Pope Urges Church to Live ‘Within the World’

Address to Priests, Religious, Seminarians, Consecrated Persons, and Catechists in Cathedral of Saint Martin in Bratislava

Pope Urges Church to Live ‘Within the World’
© Vatican Media
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“How great is the beauty of a humble Church, a Church that does not stand aloof from the world, viewing life with a detached gaze, but lives her life within the world.”

That was the key message of Pope Francis to priests, religious, seminarians, consecrated persons, and catechists on September 13, 2021, when he addressed them in the Cathedral of Saint Martin in Bratislava, Slovakia, an important stop during his September 12-15 apostolic journey.

“Living within the world means being willing to share and to understand people’s problems, hopes, and expectations,” the Holy Father continued. “This will help us to escape from our self-absorption, for the center of the Church is not the Church!”


The Pope pointed to three concepts necessary for the Church to be “within” the society and understand the needs and expectations of the people: freedom, creativity, and dialogue.

Freedom: “Without freedom, there can be no true humanity, for human beings were created free in order to be free. The tragic chapters of your country’s history provide a great lesson: whenever freedom was attacked, violated, and suppressed, humanity was disfigured and the tempests of violence, coercion, and the elimination of rights rapidly followed.”

Creativity: “You have inherited a great tradition. Your religious heritage was born of the preaching and ministry of the outstanding figures of Saints Cyril and Methodius. They teach us that evangelization is never mere repetition of the past. The joy of the Gospel is always Christ, but the routes that this good news travels through time and history can be different. Together, Cyril and Methodius traversed this part of the European continent and, burning with passion for the preaching of the Gospel, they even invented a new alphabet for the translation of the Bible, the liturgy, and Christian doctrine.”

Dialogue: “A Church that trains people in interior freedom and responsibility, one able to be creative by plunging into their history and culture, is also a Church capable of engaging in dialogue with the world, with those who confess Christ without being ‘ours’, with those who are struggling with religion, and even with those who are not believers.

The Holy Father concluded with the admission that achieving unity and dialogue can be difficult.  Past conflict leaves deep scars.

“Wounds, however, can always turn into passages, openings that, in imitating the wounds of the Lord, allow God’s mercy to emerge,” Francis said. “That grace changes our lives and makes us artisans of peace and reconciliation.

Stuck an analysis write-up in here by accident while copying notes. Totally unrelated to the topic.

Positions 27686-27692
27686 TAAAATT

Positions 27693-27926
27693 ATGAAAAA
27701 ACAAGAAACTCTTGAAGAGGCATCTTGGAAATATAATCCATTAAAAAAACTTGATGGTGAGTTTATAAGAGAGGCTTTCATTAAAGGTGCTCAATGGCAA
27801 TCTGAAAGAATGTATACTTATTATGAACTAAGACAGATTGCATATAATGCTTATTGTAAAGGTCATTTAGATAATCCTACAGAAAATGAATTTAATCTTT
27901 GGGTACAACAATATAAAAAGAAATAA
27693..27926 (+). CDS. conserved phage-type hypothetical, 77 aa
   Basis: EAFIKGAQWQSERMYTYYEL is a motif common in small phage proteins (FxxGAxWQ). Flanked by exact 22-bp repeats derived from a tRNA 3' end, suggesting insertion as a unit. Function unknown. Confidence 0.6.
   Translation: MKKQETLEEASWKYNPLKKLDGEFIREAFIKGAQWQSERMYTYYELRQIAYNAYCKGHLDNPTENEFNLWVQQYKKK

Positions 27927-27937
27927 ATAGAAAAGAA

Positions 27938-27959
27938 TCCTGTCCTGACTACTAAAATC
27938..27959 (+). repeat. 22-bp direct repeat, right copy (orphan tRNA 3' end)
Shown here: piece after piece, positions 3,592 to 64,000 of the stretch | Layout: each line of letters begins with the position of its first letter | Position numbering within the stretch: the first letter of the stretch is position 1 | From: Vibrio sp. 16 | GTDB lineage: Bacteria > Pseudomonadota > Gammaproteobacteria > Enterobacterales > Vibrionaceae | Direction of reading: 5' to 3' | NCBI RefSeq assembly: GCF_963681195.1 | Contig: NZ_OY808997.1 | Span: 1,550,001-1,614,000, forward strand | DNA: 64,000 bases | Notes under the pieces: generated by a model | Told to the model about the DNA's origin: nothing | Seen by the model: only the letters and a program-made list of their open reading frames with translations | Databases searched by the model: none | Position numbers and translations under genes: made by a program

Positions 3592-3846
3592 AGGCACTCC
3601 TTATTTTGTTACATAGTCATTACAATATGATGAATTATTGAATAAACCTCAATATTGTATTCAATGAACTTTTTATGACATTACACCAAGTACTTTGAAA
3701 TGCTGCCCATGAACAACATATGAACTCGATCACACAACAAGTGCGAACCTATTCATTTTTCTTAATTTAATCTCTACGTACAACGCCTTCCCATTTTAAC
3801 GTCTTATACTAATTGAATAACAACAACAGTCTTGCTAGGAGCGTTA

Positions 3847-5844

“You have a beautiful proverb: If someone throws a stone at you, give him bread in return”.

Following is the Holy Father’s full address, provided by the Vatican:

Dear Brother Bishops,

Dear Priests, Religious, and Seminarians

Dear Catechists, Brothers, and Sisters, good morning!

I am happy to greet all of you, and I am grateful to Archbishop Stanislav Zvolenský for his kind words. Thank you for your invitation to feel at home in your midst. I have come as your brother, so indeed I feel like one of you. I am here to listen to your experiences, your questions, and the aspirations and hopes of this Church and this country. So it was with the first Christian community: they were constant in prayer and they walked together in concord (cf. Acts 1: 2-14).

This is what we need most of all: a Church that can walk together, that can tread the paths of life holding high the living flame of the Gospel. The Church is not a fortress, a stronghold, a lofty castle, self-sufficient and looking out upon the world below. Here in Bratislava, you have a castle and it is a fine one! The Church, though, is a community that seeks to draw people to Christ with the joy of the Gospel. She is the leaven of God’s Kingdom of love and peace in our world. Please, let us not be tempted by worldly trappings and grandeur! The Church must be humble, like Jesus, who stripped himself of everything and made himself poor in order to make us rich (cf. 2 Cor 8:9). That is how he came to dwell among us and to care for our wounded humanity.

As is his tradition, Pope Francis greets the faithful between formal events during his trip © Vatican Media

How great is the beauty of a humble Church, a Church that does not stand aloof from the world, viewing life with a detached gaze, but lives her life within the world. Living within the world means being willing to share and to understand people’s problems, hopes, and expectations. This will help us to escape from our self-absorption, for the center of the Church is not the Church! We have to leave behind undue concern for ourselves, for our structures, for what society thinks about us. Instead, we need to become immersed in the real lives of people and ask ourselves: what are their spiritual needs and expectations? What do they expect from the Church? It is important to try to respond to these questions. For me, three words come to mind.